Recently, I had a fantastic opportunity to work with students for a full week on the idea of “Digital Leadership” and how to use technology to make a positive impact on their world and the world of others. It was amazingly well-received although I was extremely nervous about the process. Typically, I work with adults and knowing that I would work with K-12 students for a week, I had the typical “First Day of School” jitters that many, if not most, teachers have no matter how long they have been teaching. Going out of my way to connect with students before I presented, make conversation, and just get to know them a bit before I started really eased my mind, and honestly, it made them more comfortable with me speaking to them. It was a great reminder that relationships are often the beginning and end of good teaching.
Many times after I finished my talk, I was amazed at how many students asked me to take a selfie with them. I felt that it was almost a form that they appreciated what I had to share and that they connected to not only the content but to me on a personal level. In fact, several groups of students came up to me after my presentation and asked if they could have a selfie with me, even though they didn’t have a phone. They just wanted me to take a picture with them. It was very endearing!
I also asked if any students would be interested in being a selfie with me for my Instagram. I shared with them that if they don’t want to be in it, that is totally fine. The majority of students jumped at the chance, while some others chose not to be in the picture.
After the days, I worked with the adults, and we had a lot of conversations about what was shared with students. Some were excited, and some were still pretty apprehensive. The majority, if not all, were open to having the conversation. And that is what is most important. Not that all people are at the same point, but that we are willing to see technology and social media use with students as not a “black and white” issue, but somewhere in the gray. We need to get into the gray if we are going to help our students.
In fact, I can tell you that some of my views on the topic have changed. I used to think that all teachers should have a presence on social media. I don’t think that anymore. But I do think we are better prepared to talk to students about how they use technology when it comes from a place of an abundance of knowledge rather than an absence.
In some areas I am well-versed, and in most areas, I am not. I am comfortable deferring to others when I feel they have more experience and knowledge in an area. I think that is an important skill to develop not only as educators but people. Do we talk down about something we don’t use or know well, or are we willing to learn from others that have more expertise and experience in the area? I felt students seriously considered what I was saying about how they could use technology in meaningful ways because they saw that I also used it. The credibility mattered to them.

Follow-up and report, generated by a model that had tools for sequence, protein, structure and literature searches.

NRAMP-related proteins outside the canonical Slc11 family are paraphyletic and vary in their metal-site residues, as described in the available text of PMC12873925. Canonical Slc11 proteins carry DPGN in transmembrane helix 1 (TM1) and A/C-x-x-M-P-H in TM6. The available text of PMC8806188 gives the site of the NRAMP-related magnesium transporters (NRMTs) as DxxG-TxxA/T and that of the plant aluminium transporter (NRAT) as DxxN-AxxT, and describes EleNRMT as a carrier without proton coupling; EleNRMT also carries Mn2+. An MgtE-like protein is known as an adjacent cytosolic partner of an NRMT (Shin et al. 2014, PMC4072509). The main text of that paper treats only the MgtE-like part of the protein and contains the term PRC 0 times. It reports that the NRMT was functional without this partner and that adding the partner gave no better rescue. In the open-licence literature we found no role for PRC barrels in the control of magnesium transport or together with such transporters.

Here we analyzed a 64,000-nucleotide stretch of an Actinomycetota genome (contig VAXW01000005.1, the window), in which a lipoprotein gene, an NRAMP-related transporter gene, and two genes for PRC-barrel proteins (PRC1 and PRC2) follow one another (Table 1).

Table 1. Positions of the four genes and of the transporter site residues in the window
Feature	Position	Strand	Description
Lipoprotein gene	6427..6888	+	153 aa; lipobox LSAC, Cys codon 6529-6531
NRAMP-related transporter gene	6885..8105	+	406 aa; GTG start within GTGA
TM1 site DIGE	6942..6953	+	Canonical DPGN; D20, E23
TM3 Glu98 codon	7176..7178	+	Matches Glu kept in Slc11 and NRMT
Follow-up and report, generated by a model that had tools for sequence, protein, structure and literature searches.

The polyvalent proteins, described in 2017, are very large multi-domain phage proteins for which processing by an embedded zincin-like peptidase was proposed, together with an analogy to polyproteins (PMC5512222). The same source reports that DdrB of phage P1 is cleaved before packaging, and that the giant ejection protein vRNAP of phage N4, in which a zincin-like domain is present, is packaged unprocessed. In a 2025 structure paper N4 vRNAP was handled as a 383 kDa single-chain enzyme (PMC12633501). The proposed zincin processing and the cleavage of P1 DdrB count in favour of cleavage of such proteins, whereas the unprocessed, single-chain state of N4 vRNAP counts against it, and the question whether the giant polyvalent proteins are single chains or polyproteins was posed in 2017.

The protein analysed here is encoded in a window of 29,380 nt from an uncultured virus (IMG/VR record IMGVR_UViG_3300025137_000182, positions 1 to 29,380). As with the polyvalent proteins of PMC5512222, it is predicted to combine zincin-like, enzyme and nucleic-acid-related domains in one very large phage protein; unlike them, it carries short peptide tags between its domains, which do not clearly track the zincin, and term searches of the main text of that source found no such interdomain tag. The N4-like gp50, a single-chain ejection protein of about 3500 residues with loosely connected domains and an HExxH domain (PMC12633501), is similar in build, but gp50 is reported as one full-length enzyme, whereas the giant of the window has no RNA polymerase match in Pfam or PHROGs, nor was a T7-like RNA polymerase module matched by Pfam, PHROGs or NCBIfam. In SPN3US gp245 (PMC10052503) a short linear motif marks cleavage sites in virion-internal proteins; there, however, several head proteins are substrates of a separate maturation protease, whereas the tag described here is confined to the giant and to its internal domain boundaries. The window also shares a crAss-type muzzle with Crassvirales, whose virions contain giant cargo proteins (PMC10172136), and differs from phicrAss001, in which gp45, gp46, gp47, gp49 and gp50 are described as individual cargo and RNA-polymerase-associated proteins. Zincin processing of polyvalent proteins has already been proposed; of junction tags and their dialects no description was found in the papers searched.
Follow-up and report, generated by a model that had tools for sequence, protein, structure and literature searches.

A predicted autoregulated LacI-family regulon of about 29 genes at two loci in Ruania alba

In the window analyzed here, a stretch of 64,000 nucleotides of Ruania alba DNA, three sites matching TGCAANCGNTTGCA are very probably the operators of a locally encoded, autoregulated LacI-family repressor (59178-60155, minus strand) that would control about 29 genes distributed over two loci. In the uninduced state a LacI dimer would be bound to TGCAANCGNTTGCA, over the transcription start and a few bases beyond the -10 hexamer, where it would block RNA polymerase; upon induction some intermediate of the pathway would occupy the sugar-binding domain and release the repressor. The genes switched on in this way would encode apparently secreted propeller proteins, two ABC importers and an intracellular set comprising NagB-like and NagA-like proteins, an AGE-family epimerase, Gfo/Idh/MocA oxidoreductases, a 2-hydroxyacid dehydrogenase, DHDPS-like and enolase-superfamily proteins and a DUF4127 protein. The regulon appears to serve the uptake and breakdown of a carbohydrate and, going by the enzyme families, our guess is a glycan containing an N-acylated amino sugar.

All that being said, I wanted to share a post I originally wrote in 2015 talking about asking students their permission to post pictures online with them. I think it is a good conversation to have and one that we need to constantly evolve and reconsider. I hope in some ways, this article can help to lead some conversations in your school, with colleagues, and/or other adults.
Below is the original post with the Grammarly treatment. Thanks for reading!
Getting Proper Permission for Posting Student Pictures Online
Educators often ask me about posting student pictures on social media to be able to celebrate the great things that are going on in their classrooms and schools. Not only does it share the learning, but it also helps students to understand their presence online and what it tells people.
Usually, the process for a school includes some vetting; a school or district will provide some type of form for caregivers to sign. There will be discussions with them, and hopefully, there is a process where families look to sign off that they are okay with the process of posting. Ongoing discussions with staff also may discuss some good things to post and things that you might not want to share with the world. Yet, I have noticed that sometimes there is something missing.
Asking the students for their permission.
Now I am not saying all teachers do this, but I think that if we want to model something to our students, we need to constantly ask them if it is okay if we post their pictures, even if we have permission from the adults, even if the student signs off on something previously.
There are a few reasons that stick out to me why you should ask students for their permission…
First of all, each day is different, and there are days when maybe a student is not up for you sharing their picture with the world.
Secondly, we need to model that if we are going to post something online about someone, we should ask permission. Even if a student is younger and may not understand the full breadth of how many people can actually see the picture, it is still a good practice to model.
Finally, tying into the last point, how comfortable would many teachers be with students just taking a picture of them with their phone and posting it online without permission?
I appreciate the educators that make this a common practice, no matter what forms are signed. If we do not ask the student for their permission, do all of the other forms and permissions matter as much?